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In Windows, I can set the processor affinity of driver code using KeSetSystemAffinityThread, and check which processor my code is running on using KeGetCurrentProcessorNumber.

I'm trying to do something similar in a Linux kernel module, but the only affinity calls I can see are for userland processes. Is there any way to do this, so that I can run assembly code on a specific processor? (i.e. sgdt)

Edit:

I think I've figured out how to get the current processor. smp_processor_id() seems like it should work.

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2 Answers 2

up vote 3 down vote accepted

I think you'll probably have to modify the kernel, but the change isn't too rough. Just export sched_setaffinity in sched.c to modules:

  long sched_setaffinity(pid_t pid, const struct cpumask *in_mask)
  {
    ...
  }
+ EXPORT_SYMBOL_GPL(sched_setaffinity); // Exported, now callable from your code.
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I've seen this before and assumed it was only meant for userland processes, however if I set the pid argument to 0 it actually works. I managed to do it without recompiling the kernel using a function pointer and looking up sched_setaffinity in /boot/System.map, just for testing it out. long (extern_sched_setaffinity)(pid_t pid, const struct cpumask *in_mask) = (void)0xffffffff81066a70; on my system. Thanks. –  Stephen Pape Jun 13 '10 at 19:15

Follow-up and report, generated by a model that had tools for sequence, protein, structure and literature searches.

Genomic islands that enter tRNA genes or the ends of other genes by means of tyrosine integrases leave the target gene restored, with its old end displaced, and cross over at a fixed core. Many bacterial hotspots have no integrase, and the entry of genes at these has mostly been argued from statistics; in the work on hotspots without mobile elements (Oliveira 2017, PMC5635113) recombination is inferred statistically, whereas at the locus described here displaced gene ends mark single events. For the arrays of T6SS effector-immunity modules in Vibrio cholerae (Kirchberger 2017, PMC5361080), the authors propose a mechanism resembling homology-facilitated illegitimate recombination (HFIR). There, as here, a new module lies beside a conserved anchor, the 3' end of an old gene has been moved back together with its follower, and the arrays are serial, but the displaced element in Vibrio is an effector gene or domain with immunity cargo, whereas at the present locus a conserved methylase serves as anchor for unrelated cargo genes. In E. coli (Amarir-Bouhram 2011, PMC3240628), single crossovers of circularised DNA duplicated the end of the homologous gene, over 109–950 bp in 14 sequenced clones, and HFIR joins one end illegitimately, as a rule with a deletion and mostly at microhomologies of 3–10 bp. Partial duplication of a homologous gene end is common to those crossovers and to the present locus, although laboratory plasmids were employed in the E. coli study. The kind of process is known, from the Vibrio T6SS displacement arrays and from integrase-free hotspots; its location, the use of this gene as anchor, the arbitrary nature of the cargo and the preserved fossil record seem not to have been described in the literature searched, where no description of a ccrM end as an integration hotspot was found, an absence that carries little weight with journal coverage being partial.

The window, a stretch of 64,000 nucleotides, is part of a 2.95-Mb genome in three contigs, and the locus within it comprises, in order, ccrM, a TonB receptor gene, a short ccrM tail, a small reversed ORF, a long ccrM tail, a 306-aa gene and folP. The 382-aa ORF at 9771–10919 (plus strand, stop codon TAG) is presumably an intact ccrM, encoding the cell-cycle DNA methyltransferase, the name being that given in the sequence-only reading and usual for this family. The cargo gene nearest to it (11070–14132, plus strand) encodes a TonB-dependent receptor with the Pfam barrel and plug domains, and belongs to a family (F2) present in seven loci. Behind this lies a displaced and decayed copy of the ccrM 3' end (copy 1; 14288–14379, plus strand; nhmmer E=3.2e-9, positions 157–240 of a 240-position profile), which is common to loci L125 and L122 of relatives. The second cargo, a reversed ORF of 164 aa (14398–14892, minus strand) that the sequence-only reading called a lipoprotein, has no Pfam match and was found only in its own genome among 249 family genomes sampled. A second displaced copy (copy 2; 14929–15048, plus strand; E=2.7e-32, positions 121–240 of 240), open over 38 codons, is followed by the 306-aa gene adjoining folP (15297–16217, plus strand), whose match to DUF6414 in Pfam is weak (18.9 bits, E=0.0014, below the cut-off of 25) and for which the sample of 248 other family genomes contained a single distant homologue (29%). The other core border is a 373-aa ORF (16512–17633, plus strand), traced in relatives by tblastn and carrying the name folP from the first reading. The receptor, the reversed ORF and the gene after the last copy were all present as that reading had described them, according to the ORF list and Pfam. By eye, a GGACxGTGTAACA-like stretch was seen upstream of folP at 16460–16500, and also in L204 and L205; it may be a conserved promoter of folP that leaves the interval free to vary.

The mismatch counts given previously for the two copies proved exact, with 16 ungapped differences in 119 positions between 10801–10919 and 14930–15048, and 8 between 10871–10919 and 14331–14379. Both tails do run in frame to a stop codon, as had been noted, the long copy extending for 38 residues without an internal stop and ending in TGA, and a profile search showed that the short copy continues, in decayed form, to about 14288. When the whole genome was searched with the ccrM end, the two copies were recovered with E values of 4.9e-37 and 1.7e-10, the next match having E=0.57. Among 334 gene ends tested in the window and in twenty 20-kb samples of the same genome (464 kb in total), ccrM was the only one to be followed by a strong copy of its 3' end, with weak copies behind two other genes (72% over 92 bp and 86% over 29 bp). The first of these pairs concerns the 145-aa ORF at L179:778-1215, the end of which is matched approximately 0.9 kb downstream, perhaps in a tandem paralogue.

3  
This isn't likely to be a good idea, unless you're just setting the affinity of a kernel thread created specifically by your driver. Otherwise, driver code can run in the context of many different processes at different times, each of which has its own scheduler affinity. If you just want to execute a short section of code without being bounced to another CPU, you can use preempt_disable() and preempt_enable() to create a preemption-disabled critical section. –  caf Jun 16 '10 at 7:36
    
@caf: I assumed that what you described is the case, because he says "my code". Good advice in any case, though. –  John Feminella Jun 16 '10 at 10:11

smp_processor_id() should tell you what logical processor you're running on.

Some architectures also support the smp_call_function_single kernel function that will use an inter-processor-interrupt to run a function on another processor.

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